woman with cats

For some, it’s a sensitive debate regarding older adults and pet ownership. Some are in favor, some are against. Should older adults have pets to keep them company, or are there too many risks or hardships involved?

A review of studies published in Frontiers in Psychology in 2017 looked at the relationship between humans and pets in the older human population. With more than half of all households sheltering at least one pet, researchers wanted to determine the impact pets have on the health of the aging.

The compilation of studies found that animal-assisted activities are associated with a decrease in depression and an increase in overall life satisfaction. The companionship of pets has also been linked to reducing blood pressure, lowering heart rate, and assisting in faster mental recovery. And of course, having a pet has been proven to reduce stress and anxiety.

Man with two dogs

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We have long known that pets are a common and naturally occurring source of support,” said Cathleen Connell, Ph.D., a professor at the University of Michigan School of Public Health, according to the University of Michigan.

Although the benefits of pets are significant, social connections and activities with friends and family are also key to quality of life across the life span,” she continued. “Helping older adults find low-cost ways to support pet ownership while not sacrificing other important relationships and priorities is an investment in overall mental and physical health.”

Therapy dogs have also been well-documented to help individuals undergoing a crisis, thanks to the feel-good chemicals released in the brain when petting a dog. With mental and physical benefits such as regulated breathing, reduced loneliness, increased relaxation, and diminished pain, studies suggest older adults would benefit from a furry companion.

Health benefits of pets infograph

Photo Courtesy: University of Michigan

A national poll taken by the University of Michigan on healthy aging questioned adults between the ages of 50 and 80. More than half of those polled had pets, as well as more than one pet. Of those polled who had pets, 79 percent reported reduced stress. More than half of the older adults with pets reported to be more physically active as well.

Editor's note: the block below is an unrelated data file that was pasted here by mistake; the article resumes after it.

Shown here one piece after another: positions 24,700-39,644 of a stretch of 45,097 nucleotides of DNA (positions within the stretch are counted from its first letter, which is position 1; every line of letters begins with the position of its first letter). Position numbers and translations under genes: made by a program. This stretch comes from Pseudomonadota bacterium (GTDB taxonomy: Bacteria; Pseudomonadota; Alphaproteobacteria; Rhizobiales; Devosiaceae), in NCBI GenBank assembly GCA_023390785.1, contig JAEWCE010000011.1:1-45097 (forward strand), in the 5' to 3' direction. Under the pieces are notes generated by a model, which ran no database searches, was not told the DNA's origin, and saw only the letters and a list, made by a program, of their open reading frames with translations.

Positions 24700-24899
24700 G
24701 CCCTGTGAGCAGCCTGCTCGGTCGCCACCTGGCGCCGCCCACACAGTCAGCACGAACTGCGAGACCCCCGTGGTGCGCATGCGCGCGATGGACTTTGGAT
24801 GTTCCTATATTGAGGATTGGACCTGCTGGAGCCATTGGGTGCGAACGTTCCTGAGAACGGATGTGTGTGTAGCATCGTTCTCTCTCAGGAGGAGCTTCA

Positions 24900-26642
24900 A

This study highlights the many physical, psychological, and social benefits that pets can have for older adults,” said Alison Bryant, Ph.D., the senior vice president of research for AARP, according to the University of Michigan. “In recognition of these health benefits, more assisted living facilities today are allowing residents to have pets.”

The benefits of having a pet aside, some are opting out of the furry friendship instead. In a recent household, income, and labor survey in Australia, results showed about 62 percent of Australians have at least one pet, but only 11 percent of pet owners are 65 years old or more, according to the University of Melbourne.

Man with cane and dog

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Why the decline in pet ownership? Older Australians cited financial reasons and freedom from responsibility, but many older adults are more afraid of what might happen to their pet if something were to happen to them, according to Dr. Janette Young, a researcher at the University of South Australia, as stated by ABC Radio National.

“People are making this careful and conscious decision which is actually largely focused on the welfare and well-being of animals,” Dr. Young told ABC RN. Furthermore, Dr. Young encourages those who want a pet, but are unable to have one, to consider volunteering in any number of animal-related activities, such as fostering, dog walking, visiting a shelter, or helping other pets in need.

So what are the risks of older adults and pets? As Caring.com points out, pets are expensive and often a bit of work. And though studies show an increase in physical activity connected to pet ownership, so does the data show an increase in falls and injuries.

woman with dalmatian

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Other downsides to pet ownership in the older population include being unable to physically care for the pet, take him to the veterinarian, or meet his daily needs. It’s also possible that older adults who have pets may delay getting help or moving into an assisted-living home if pets are not allowed, according to Psychology Today.

For the older adult who can’t decide whether having a pet is the right choice or not, perhaps the AI pet robot can fill the void. An artificially intelligent pet robot made a splash hit at the virtual 2021 Consumers Electronic Show, winning “Best Innovation.” MOFLIN, the pet robot, was awarded for its emotional intelligence and ability to adapt to its owner’s reactions. The creators’ mission was to create a robot that could enhance quality of life, in a furry way.

Real or not, it’s no doubt pets bring us comfort.